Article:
EGFR protein levels predict sensitivity to EGFR inhibition in vitro and in vivo

Next, the mRNA and protein expression data were used to select a panel of PDX cell lines comprising both high and low EGFR expressors. The sensitivity of this PDX panel to 13 EGFR inhibitors was tested in a conventional 2D- tissue culture assay. As expected, the PDX derived cell lines with the highest EGFR levels were most sensitive to clinically approved first- and second-generation small molecule EGFR-based drugs, including erlotinib, gefitinib and afatinib. The high EGFR expressing models were also differentially sensitive to erlotinib when tested in the 3-D format.

This differential sensitivity was maintained in vivo. Seven agents with activity against the EGFR (5 small molecules and 2 antibodies) were tested in vivo against 174 subcutaneously implanted PDX models. Again, PDX models that expressed higher levels of EGFR protein were significantly more sensitive to growth inhibition by erlotinib than models that had low levels of EGFR.

Defining a gene signature of response

Finally, the availability of the NGS and RNASeq data allowed a more detailed bioinformatic analysis of genes differentially expressed between responders and non-responders. The top 30 differentially expressed genes showed clear separation between the responders and non-responders and as might be expected, included other genes associated with the EGFR signalling pathway, cell proliferation and chemokine expression. In short, we appear to have generated a biomarker for selecting the right patients although this remains to be tested in the clinical testing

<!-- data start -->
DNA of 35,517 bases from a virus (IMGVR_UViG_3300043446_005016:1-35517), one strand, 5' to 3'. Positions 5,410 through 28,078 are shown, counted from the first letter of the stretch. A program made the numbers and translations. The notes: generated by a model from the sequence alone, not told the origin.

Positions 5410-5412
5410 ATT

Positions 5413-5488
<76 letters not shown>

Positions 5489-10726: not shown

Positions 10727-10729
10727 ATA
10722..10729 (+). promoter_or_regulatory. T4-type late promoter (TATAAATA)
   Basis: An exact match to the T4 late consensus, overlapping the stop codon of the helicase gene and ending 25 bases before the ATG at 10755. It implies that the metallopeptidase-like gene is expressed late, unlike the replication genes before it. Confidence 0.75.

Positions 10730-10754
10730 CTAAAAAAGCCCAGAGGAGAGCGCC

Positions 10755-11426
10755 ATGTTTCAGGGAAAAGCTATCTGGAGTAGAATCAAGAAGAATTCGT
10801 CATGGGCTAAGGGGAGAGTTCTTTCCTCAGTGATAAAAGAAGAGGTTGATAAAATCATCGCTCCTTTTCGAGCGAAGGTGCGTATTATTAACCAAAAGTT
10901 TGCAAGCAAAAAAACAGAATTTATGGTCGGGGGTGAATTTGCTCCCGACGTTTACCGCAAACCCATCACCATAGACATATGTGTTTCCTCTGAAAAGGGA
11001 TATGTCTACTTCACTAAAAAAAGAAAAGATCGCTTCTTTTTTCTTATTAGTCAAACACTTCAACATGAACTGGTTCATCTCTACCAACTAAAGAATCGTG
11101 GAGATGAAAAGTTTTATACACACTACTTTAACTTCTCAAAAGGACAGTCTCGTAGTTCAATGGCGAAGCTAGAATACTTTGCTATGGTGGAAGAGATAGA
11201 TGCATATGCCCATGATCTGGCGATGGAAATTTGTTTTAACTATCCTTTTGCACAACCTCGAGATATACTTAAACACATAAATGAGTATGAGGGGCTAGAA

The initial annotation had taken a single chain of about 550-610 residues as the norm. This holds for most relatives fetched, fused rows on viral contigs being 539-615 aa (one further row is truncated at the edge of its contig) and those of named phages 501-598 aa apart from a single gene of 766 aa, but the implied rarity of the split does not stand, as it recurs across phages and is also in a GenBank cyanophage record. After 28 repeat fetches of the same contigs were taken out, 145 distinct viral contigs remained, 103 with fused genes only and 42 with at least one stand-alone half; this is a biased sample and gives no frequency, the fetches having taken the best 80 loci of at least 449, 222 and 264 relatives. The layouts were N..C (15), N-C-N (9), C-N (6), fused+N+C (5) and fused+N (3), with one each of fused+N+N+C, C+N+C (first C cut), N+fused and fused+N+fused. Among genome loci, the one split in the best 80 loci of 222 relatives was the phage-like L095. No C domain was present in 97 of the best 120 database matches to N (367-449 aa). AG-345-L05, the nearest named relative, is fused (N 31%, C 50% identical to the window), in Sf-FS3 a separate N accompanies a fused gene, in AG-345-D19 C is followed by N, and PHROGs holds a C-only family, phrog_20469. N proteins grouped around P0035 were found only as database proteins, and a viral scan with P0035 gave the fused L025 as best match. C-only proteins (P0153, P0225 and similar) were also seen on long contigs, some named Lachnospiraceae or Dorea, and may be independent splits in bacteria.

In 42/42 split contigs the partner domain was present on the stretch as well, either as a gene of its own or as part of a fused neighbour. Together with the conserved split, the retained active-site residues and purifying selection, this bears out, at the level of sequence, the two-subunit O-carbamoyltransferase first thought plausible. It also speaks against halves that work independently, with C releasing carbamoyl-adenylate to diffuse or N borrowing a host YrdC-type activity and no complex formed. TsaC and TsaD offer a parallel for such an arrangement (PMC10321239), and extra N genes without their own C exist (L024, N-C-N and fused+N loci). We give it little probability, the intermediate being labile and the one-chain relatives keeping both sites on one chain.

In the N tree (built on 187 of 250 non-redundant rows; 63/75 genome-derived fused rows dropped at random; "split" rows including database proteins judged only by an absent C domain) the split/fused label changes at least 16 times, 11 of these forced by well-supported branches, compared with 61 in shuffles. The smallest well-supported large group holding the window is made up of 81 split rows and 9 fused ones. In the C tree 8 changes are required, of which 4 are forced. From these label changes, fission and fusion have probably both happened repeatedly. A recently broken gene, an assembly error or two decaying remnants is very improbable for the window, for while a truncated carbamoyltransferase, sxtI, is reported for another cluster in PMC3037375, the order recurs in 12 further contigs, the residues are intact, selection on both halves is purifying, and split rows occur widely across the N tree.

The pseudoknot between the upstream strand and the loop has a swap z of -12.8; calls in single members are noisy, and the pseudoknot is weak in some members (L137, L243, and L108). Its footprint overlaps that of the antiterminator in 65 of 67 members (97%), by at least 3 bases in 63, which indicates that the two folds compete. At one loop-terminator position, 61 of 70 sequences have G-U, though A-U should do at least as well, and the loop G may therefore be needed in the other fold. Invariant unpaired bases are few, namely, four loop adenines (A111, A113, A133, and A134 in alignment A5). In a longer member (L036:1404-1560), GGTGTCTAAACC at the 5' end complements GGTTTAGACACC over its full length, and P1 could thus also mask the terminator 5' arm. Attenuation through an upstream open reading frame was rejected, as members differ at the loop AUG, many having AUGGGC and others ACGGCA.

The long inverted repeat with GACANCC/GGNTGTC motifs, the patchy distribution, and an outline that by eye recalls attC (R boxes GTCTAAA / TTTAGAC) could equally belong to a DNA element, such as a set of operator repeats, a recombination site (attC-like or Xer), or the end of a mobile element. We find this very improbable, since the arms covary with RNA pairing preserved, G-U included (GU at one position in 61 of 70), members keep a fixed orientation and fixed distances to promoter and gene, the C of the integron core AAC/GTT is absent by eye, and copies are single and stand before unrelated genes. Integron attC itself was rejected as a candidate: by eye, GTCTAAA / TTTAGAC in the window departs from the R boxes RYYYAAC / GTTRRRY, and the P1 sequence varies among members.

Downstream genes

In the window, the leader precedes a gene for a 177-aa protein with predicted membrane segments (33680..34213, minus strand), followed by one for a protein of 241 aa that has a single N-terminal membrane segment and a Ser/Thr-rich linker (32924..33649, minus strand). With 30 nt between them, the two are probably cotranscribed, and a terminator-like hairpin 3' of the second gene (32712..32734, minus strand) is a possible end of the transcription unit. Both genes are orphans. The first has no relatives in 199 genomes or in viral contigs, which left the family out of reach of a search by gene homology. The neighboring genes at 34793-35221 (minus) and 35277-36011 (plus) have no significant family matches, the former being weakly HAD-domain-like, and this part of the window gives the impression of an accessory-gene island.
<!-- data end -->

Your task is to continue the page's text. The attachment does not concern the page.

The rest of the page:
PDX models: indispensable for drug discovery and development

In conclusion, just one parameter, EGFR expression, can be used to integrate tumour genotype and phenotype with response to selective EGFR inhibitors both in vitro and in vivo across a large collection of PDX. Use of this single parameter also led the identification of a potential signature of response. This is a powerful demonstration of the value of “big numbers” i.e., large numbers of PDX models representing the full range of tumour types, the huge amount of biological data that has been generated for each of these PDXs and the ability to process not only large amounts of data but also large numbers of samples in medium to high throughput methods to determine in vitro and in vivo drug sensitivity. In hindsight, it seems obvious that large number of PDX models are needed to represent the full panoply of human tumours and their complexity. It is only recently that we have had the capability to deal with this volume and complexity of data.

A final note regarding the obvious criticism that EGFR levels are not used to select patients for treatment with EGFR inhibitors—they are treated only on the basis of mutation. This study is, nonetheless, still clinically relevant. EGFR expression was chosen as a test case because it allowed relatively easy comparison between mRNA levels, protein expression, response in vitro with response in vivo in a reasonably large number of PDXs. Clearly The workflow described by Klett and Schueler can be applied to mutations in the EGFR or to any other potential target. The ability to integrate genotype with phenotype with response or resistance to treatment across PDXs is an extremely powerful tool for drug development and for oncology research in general.

Reference:

Klett H, Schueler, J. Next-Generation-Sequencing Data for Mouse Models: Applications and analysis in context of a pre-clinical oncology drug development. The journal of precision medicine. 2019;Spring 2019:54 - 69